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All civil lawsuits go through an orderly pattern: pleadings, discovery, trial and appeal.


In the first step of ‘Pleadings’, both parties get a chance to discuss their side of the dispute. The plaintiff will explain how the defendant’s actions (or lack of) caused harm to the plaintiff and how he or she is now accountable under the law.

After this, the defendant formulates a reply to this formal complaint and may even file counter-claims against the plaintiff if the defendant feels the plaintiff was actually the one to have caused the damages. Many times, one or both of the parties, may request the court to dismiss part or all of the charges as well if they are baseless.


The second step in a civil lawsuit is that of discovery which involves thorough case preparation based on detailed data that both parties get from each other or from other parties. A key method is through ‘depositions’ in which the witness will be interviewed under oath. Depositions are often very helpful in building a time line of how events happened and whether there are any inconsistencies between the stories of different witnesses.

Some experts can help in strengthening your case as they can help provide technical information or validate a certain argument that your party is trying to build. Often financial experts can help the jury understand the financial burden of the losses that the injured party has had to suffer. Sometime before the trial, one or both of the legal parties may use motions to request the court to take some action. These motions can seek clarifications or resolution of procedural disputes or they may request presentation of certain information pertinent to the case.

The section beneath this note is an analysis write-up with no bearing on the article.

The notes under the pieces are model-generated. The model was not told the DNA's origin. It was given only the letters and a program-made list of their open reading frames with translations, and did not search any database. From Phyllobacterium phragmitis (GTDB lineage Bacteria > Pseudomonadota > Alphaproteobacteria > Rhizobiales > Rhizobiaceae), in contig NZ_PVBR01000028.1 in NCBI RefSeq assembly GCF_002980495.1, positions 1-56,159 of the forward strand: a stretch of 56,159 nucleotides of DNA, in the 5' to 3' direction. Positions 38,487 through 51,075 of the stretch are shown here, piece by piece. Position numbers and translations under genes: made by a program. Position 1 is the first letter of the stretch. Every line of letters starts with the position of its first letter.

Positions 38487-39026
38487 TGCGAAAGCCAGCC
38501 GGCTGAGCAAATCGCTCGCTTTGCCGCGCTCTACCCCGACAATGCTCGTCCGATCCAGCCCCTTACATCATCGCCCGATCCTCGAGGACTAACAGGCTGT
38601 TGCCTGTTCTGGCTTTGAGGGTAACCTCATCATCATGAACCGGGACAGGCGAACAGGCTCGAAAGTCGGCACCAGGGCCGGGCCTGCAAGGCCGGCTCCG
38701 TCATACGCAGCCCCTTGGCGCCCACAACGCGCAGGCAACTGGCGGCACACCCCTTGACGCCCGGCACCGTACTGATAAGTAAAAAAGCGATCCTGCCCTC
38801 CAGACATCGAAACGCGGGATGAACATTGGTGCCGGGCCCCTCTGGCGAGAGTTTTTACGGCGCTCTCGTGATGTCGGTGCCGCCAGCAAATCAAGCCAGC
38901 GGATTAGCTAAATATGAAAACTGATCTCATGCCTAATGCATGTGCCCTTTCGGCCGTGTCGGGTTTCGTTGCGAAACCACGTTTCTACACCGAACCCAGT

At the start of the trial, both plaintiff and defendant attorneys are present at the opening statement after which they present their evidence supported by witness interrogation. The plaintiff is given the opportunity to present their evidence first after which the defendant is allowed to present evidence that proves their innocence. Once evidence presentation is done, both parties make their closing arguments after which the jury or judge deliberate on the verdict.


After the verdict has been passed, both parties have the right to appeal as well in which the dissatisfied party can approach a higher court and present the previous court’s trial proceedings. The appellate court reviews the trial for legal error and forms an opinion; if it believes that the verdict was based on legal error, they may reverse the verdict or order a new trial.

It is a good idea to evaluate the merits of all alternatives to litigation early on in the legal process. The most common alternative is a settlement which can be pursued at any stage during the litigation process. Sometimes, parties may request outside mediation which can help them assess their risks if they go forward with the trial. Another alternative is arbitration in which a neutral third party is selected to help resolve the dispute; it is less formal than a court trial but still involves presentation of evidence.

While it is true that each civil lawsuit case is different, it helps tremendously if you understand the litigation procedure in detail. Your attorney can assist you in gauging the merits of all options available to you in order to choose the least burdensome and financial viable legal course.

Author Bio:

Attorney Barry Boches provides personalized legal representation for criminal defense, DWI and personal injury lawyers in Illinois.

CategoryLegal advice

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